Skip to content

The Photographer From Clerkenwell

June 17, 2015
by the gentle author

Celebrate with me at the launch of Colin O’Brien’s LONDON LIFE at The Society Club, Ingestre Place, Soho, W1 from 6pm tomorrow Thursday 18th June and preview his photography exhibition.

Also, on Tuesday 23rd June at 7pm, Colin O’Brien will giving an illustrated lecture at Waterstones Piccadilly, showing the photographs and telling stories of LONDON LIFE. Please email to book your free ticket for this.

On the eve of publication of LONDON LIFE, I present this introduction to the work of Colin O’Brien

Observe this tender photograph of Raymond Scallionne and Razi Tuffano in Hatton Garden in 1948, one of the first pictures taken by Colin O’Brien – snapped when he was eight years old, the same age as his subjects. Colin forgot this photograph for over half a century until he discovered the negative recently and made a print, yet when he saw the image again, he immediately remembered the boys’ names and recalled arranging them in front of the car to construct the most pleasing composition for the lens of his prized box brownie.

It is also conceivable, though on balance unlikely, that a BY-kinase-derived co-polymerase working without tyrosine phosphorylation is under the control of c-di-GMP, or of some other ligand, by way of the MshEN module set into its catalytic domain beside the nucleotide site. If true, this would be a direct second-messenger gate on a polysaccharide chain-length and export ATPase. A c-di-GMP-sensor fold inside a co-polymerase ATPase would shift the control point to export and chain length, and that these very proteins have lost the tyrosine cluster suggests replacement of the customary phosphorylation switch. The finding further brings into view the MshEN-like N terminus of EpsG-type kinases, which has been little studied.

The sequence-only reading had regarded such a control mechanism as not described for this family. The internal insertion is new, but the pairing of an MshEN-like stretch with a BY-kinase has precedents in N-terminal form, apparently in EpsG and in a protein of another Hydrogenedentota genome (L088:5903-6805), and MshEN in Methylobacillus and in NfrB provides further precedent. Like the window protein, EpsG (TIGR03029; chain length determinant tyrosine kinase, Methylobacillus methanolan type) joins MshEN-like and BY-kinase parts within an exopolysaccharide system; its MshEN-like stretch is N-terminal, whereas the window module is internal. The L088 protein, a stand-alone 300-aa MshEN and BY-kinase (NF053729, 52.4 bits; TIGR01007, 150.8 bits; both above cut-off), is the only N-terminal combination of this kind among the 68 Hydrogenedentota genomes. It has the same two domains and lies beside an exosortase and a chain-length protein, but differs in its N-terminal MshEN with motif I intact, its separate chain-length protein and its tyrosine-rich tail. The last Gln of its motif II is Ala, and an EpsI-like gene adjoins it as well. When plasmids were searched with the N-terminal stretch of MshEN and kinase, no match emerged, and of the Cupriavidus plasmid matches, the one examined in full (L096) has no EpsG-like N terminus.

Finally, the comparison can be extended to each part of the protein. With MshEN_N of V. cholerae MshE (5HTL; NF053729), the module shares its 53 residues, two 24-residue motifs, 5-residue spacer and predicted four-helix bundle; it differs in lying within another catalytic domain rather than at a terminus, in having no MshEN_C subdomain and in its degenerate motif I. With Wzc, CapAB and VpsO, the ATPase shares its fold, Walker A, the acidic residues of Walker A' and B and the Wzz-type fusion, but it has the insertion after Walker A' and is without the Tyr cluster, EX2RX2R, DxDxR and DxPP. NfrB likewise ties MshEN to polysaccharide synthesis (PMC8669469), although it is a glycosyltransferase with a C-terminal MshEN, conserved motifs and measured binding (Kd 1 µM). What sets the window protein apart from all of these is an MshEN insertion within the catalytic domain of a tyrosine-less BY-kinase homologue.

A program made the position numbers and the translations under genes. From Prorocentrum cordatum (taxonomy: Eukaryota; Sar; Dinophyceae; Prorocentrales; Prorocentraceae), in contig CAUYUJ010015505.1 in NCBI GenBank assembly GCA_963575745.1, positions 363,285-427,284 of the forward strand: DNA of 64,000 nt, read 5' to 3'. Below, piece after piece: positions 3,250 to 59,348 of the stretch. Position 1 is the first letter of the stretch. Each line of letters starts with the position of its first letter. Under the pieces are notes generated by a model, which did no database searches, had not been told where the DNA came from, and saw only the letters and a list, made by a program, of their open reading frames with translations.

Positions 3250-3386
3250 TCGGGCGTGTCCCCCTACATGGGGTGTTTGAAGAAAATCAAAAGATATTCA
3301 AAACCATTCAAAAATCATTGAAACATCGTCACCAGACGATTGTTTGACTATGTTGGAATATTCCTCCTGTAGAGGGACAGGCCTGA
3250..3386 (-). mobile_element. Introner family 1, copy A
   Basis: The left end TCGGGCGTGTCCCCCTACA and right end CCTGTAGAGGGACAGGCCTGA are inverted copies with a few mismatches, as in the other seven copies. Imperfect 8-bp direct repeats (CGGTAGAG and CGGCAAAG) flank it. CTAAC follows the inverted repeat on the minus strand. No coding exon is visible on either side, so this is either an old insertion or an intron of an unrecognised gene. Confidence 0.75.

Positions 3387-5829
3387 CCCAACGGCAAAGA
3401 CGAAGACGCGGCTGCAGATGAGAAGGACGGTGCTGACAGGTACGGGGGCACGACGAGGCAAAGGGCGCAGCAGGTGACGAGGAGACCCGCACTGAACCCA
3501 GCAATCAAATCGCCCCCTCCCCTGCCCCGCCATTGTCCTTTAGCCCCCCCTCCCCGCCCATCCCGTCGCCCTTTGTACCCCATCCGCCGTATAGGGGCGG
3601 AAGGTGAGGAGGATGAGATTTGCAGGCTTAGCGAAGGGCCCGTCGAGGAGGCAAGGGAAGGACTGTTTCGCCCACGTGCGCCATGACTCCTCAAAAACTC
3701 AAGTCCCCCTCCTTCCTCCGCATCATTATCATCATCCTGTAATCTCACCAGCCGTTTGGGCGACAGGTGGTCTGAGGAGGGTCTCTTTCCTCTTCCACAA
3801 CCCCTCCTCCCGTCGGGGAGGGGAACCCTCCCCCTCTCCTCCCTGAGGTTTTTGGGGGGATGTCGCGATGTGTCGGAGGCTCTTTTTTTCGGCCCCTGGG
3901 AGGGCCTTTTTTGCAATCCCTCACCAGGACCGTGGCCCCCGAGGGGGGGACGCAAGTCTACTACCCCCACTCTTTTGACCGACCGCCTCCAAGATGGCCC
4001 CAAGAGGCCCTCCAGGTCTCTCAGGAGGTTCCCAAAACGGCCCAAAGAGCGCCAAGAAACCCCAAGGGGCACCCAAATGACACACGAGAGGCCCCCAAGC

Colin grew up fifty yards from Hatton Garden in Victoria Dwellings, a tenement at the junction of Faringdon Rd and Clerkenwell Rd – the centre of his childhood universe in Clerkenwell, which Colin portrayed in spellbinding photographs that evoke the poetry and pathos of the forgotten threadbare years in the aftermath of World War II. “We had little money or food, and shoes were a luxury. I remember being given my first banana and being told not to eat it in the street where someone might take it,” he told me, incredulous at the reality of his own past,“Victoria Dwellings were very run down and I remember in later years thinking, ‘How did people live in them?'”